|----------+----------+----------+----------+----------+----------|
            |San Mateo | 367,155  |   211    |    8     |    37    |    25    |
            |----------+----------+----------+----------+----------+----------|
            |San Luis  | 155,801  |   145    |    4     |    16    |    11    |
            |Obispo    |          |          |          |          |          |
            |----------+----------+----------+----------+----------+----------|
            |Shasta    |  96,310  |    79    |    2     |    10    |    7     |
            |----------+----------+----------+----------+----------+----------|
            |Napa      |  72,461  |    13    |    2     |    8     |    5     |
            |----------+----------+----------+----------+----------+----------|
            |Nevada    |  66,149  |    39    |    2     |    7     |    5     |
            |----------+----------+----------+----------+----------+----------|
            |Madera    |  54,017  |    39    |    2     |    6     |    4     |
            |----------+----------+----------+----------+----------+----------|
            |Sutter    |  42,351  |    22    |    2     |    5     |    3     |
            |----------+----------+----------+----------+----------+----------|
            |Tuolumne  |  29,472  |    27    |    2     |    3     |    2     |
            |----------+----------+----------+----------+----------+----------|
            |Calaveras |  27,532  |    15    |    2     |    3     |    2     |
            |----------+----------+----------+----------+----------+----------|
            |Inyo      |  9,697   |    5     |    2     |    2     |    2     |
            |----------+----------+----------+----------+----------+----------|
            |Sierra    |  2,217   |   0***   |    2     |    2     |2         |
            |          |          |          |          |          |          |
             ----------------------------------------------------------------- 

          *As of 5/23/2016, per Secretary of State's Report of  
          Registration.

          **According to information provided by the counties to the  
          United States Election Assistance Commission as part of the 2014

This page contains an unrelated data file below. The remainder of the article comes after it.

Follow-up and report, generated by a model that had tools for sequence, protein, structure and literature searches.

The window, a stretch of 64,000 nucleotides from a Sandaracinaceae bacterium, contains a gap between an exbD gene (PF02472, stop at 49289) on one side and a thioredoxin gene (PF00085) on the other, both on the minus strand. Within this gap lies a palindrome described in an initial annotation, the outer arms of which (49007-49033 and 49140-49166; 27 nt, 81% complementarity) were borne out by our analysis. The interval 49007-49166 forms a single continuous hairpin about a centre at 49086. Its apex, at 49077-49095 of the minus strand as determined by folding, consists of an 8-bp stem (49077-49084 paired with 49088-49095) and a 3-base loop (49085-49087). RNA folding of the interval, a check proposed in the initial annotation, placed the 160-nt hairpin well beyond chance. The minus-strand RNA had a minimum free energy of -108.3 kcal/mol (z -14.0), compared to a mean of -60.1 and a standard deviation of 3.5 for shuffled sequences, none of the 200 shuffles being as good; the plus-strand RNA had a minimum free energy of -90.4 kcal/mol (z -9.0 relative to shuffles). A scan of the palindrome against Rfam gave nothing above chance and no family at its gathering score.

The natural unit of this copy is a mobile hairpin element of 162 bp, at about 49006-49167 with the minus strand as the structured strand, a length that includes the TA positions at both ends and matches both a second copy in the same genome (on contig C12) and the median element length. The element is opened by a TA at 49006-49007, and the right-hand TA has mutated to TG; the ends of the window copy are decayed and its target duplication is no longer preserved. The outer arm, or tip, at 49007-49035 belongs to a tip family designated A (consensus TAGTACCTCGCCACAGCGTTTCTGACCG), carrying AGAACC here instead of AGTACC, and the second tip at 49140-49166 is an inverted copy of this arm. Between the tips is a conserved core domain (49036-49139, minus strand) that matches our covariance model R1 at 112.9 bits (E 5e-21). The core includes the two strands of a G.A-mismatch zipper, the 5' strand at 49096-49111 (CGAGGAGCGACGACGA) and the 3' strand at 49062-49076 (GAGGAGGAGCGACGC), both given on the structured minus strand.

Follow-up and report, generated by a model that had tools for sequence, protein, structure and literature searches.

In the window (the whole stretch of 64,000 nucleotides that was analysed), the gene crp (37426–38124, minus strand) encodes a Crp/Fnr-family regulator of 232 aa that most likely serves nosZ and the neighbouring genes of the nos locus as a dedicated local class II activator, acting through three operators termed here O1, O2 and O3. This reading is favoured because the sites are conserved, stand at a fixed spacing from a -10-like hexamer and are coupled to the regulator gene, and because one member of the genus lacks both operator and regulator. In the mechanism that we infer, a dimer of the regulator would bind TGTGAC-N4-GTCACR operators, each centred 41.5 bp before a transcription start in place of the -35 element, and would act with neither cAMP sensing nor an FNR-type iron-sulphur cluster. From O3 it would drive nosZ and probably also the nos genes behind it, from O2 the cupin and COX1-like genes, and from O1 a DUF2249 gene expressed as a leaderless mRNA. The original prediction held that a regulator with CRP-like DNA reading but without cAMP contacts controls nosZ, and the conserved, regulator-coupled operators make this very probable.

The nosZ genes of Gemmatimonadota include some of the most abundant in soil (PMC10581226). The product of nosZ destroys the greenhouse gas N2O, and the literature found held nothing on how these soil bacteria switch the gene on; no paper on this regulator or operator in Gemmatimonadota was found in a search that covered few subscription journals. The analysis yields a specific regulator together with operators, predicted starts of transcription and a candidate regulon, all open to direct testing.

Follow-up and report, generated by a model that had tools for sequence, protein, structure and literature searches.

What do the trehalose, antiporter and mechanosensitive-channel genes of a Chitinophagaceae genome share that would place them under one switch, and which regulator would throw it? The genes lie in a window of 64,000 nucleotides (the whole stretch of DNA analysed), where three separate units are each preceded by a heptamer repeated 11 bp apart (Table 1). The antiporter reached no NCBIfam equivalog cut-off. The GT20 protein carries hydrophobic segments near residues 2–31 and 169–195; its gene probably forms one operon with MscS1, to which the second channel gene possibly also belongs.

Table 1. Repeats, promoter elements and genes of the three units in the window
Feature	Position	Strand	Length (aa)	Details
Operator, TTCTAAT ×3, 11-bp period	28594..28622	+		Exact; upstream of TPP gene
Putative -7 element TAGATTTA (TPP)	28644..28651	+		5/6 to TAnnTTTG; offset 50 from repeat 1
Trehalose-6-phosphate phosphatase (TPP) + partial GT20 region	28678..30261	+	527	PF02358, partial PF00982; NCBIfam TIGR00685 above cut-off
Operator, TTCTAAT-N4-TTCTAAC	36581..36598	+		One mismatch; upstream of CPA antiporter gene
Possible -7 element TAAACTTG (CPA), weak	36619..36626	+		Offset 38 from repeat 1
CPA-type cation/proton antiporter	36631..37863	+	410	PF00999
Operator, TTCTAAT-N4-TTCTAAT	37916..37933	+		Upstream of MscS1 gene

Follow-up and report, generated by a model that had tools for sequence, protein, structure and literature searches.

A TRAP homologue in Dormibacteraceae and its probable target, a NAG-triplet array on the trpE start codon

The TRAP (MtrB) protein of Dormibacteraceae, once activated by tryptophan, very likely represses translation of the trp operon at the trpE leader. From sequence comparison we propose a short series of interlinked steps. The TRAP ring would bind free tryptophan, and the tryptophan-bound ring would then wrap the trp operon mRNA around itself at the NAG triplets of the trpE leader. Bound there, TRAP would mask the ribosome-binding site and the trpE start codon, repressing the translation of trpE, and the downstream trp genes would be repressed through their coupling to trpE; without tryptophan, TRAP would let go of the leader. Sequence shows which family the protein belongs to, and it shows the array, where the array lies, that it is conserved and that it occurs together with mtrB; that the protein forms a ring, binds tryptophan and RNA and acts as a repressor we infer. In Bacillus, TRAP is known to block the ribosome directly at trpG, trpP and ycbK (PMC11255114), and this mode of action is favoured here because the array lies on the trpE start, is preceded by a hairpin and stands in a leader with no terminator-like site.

Election Administration and Voting Survey.

          ***Due to the fact that none of Sierra County's precincts have  
          more than 250 registered voters, all of its precincts were  
          designated as mailed-ballot precincts for the November 2014  
          Election.  As a result, it did not have polling places for that  








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          election.

           COMMENTS
                                           
          1)According to the author, California saw historically low  
            voter turnout in 2014.  Only 25 percent of all registered  
            California voters cast a ballot in the June primary and  
            only 42 percent participated in the November general  
            election.  Los Angeles County - the largest voting  
            jurisdiction in the country - had the lowest turnout  
            among all of California's 58 counties.  Fewer than 17  
            percent of Los Angeles County voters cast a ballot in the  
            June primary and only 31 percent voted in November.   
            While voter turnout was poor across the entire country in  
            2014, California ranked an inexcusable 43rd in turnout  
            among the 50 states and District of Columbia.



          Since 1960 turnout of registered voters in California  
            off-year general elections has steadily decreased from a  
            high of 79 percent in 1966 to a previous low of 50.5  
            percent in 2002.  Turnout for off-year primary elections  
            since 1960 has also steadily decreased from a high of  
            almost 69 percent in 1978 - when Proposition 13 appeared  
            on the ballot - to a previous low of 33 percent in 2010.

          SB 450 is modeled on the very successful way Colorado  
            conducts its elections wherein every voter automatically  
            receives a VBM ballot who may then return that ballot by  
            mail or in person at numerous drop-off locations and  
            innovative vote centers.  In lieu of traditional  
            neighborhood polling places, these vote centers are  
            placed in convenient locations all over town and open  
            several days prior to each election.  Furthermore, voters  
            can use any vote center or drop-off location in their  
            home county - they are not limited to using the one  
            closest to their residence.

          At the vote centers, voters can register to vote, cast a  
            vote, or get a new ballot if they lost or damaged their  
            mail ballot.  They are also equipped with accessible  
            voting machines for disabled voters and electronic poll  
            books that interact with the official voter database. 








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          Fully implemented for the 2014 elections, this hybrid